• #15 by alex on November 1, 2011 - 22:30

        Win32_SecurityDescriptorHelper is not available on Windows server 2003. can you please explain how you made it to work on Windows 2003?
        did u use some different class?

      • #16 by Karl Mitschke on November 2, 2011 - 08:10

        Run the script FROM a Server 2008 or Windows Vista or above workstation…

  8. #17 by Hans-Peter Harpøth on March 22, 2012 - 06:27

    Great work. Great script.
    Will it work with a domain group instead of a domain user ?

    • #18 by Karl Mitschke on March 23, 2012 - 08:12

      Thanks.
      This should work with a security group instead of a user.

      Karl

  9. #19 by jvierra on May 1, 2012 - 08:55

    WS2008R2 now, finally, includes editors for this.

    For DCOM consider using Group Policy. The GP settings have been around since WS2003 or XP SP2 for XP.

    Also see:
    http://social.technet.microsoft.com/Forums/en-US/winserverGP/thread/2dc28d2a-04dd-4c94-a786-389261f78794

    From the Microsoft Management Infrastructure blog and Group Policy Forum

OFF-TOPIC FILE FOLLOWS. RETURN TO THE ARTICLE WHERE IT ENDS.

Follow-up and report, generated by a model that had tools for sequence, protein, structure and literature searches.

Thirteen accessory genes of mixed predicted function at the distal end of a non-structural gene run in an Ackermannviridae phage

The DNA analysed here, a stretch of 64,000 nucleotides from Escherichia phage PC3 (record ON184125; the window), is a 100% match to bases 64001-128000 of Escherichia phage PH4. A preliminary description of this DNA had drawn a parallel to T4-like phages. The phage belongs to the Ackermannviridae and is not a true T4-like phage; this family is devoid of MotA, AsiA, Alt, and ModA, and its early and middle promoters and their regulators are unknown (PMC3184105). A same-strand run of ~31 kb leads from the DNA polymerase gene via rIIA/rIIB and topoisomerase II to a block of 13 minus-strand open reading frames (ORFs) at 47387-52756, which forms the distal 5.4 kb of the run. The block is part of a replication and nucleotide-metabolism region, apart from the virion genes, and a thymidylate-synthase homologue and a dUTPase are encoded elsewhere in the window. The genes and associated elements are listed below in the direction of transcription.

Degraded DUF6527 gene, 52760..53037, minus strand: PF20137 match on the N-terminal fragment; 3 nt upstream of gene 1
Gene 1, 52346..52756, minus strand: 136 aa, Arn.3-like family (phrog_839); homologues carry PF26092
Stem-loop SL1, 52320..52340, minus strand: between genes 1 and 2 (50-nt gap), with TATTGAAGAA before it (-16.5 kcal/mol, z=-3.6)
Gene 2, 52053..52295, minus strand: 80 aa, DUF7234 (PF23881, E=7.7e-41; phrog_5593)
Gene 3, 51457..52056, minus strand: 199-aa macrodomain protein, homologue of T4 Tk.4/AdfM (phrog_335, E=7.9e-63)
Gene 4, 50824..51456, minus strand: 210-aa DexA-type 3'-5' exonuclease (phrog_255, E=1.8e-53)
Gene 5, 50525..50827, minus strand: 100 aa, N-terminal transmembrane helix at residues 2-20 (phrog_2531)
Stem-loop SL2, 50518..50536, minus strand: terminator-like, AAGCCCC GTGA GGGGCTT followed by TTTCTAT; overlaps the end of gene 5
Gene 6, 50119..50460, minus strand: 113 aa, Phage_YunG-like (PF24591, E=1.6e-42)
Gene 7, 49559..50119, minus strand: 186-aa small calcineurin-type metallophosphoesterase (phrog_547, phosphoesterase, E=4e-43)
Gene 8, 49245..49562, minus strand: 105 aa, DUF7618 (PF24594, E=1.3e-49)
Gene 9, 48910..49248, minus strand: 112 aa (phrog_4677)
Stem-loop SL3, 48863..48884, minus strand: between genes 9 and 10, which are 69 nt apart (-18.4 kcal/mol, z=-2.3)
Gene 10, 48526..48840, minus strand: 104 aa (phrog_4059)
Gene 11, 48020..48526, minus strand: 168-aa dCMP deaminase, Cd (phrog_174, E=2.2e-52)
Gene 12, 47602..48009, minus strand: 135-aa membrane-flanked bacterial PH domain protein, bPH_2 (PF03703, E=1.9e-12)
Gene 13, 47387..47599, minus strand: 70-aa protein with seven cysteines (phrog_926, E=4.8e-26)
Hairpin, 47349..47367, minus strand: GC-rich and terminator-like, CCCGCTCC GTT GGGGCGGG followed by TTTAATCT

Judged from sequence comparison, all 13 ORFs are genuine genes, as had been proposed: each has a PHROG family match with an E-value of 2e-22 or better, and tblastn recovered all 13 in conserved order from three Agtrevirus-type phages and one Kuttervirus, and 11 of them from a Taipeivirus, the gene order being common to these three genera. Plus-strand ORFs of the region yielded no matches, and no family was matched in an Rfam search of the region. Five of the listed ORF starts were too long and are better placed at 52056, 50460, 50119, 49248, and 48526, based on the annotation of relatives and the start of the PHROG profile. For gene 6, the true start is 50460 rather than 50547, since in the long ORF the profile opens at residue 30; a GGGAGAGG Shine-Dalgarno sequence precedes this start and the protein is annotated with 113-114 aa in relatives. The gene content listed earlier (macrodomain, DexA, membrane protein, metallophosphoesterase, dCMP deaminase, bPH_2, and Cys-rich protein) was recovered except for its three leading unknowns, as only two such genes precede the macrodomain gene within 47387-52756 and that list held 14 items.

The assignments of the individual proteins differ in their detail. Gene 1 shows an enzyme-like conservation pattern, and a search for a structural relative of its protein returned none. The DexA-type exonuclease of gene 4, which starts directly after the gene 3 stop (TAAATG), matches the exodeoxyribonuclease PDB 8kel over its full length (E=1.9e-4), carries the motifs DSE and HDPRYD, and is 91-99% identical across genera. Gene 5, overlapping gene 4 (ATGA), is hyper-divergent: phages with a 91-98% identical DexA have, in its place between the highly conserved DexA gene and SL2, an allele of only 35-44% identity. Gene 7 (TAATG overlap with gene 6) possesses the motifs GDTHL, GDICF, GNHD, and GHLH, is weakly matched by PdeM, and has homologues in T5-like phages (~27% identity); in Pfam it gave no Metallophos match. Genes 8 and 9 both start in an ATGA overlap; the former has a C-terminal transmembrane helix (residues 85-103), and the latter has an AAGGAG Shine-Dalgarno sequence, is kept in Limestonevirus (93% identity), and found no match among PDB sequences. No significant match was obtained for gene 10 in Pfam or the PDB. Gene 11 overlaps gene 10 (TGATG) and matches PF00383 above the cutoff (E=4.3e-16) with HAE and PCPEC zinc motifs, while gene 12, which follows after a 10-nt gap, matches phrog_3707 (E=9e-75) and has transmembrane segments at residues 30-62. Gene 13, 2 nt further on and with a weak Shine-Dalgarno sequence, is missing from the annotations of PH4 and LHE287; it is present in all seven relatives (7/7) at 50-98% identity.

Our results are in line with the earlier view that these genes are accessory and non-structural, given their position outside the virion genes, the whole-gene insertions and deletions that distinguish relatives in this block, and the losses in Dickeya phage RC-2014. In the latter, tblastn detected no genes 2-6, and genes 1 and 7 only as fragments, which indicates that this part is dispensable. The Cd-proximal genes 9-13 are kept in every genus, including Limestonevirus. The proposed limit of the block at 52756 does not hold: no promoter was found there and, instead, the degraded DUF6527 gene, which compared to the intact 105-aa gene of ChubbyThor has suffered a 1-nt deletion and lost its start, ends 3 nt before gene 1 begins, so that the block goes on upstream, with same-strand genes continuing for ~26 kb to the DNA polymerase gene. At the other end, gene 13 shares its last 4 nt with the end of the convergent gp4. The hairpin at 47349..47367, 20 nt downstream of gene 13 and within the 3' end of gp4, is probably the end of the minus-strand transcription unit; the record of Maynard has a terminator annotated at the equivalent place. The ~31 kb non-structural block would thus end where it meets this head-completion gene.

10. #20 by Angelo on May 30, 2012 - 02:09

    Is it possible to add the account on the “root” and make it propagate on the subnamespaces inside it?

    • #21 by Karl Mitschke on June 29, 2012 - 08:28

      I’d have to test this, but I don’t see why not.

      Karl

  11. #22 by Juergen on August 6, 2012 - 01:40

    Hello Karl,

    thank you for your script.

    I want to know which values in the script do i have to set to my own values?

    computers.txt -> list of computernames that i want to query

    local\maxsmart -> is this the non-admin-domain-account ??

    $DSIdentity -> what is this? do i have to set it?

    Regards,
    Jueregn

    • #23 by Karl Mitschke on August 6, 2012 - 07:48

      Jueregn;

      Thanks for the comments 🙂

      computers.txt Is the list of computernames that you want to query
      local\maxsmart IS this the non-admin-domain-account you wish to grant access to.

      $DSIdentity < This is actually set by running $sid = get-sid "local\maxsmart" – So, you don't have to worry about it.

      • #24 by Juergen on August 7, 2012 - 00:27

        Thank you Karl,

        if i run the script it gets executed without errors.
        So everything seems fine….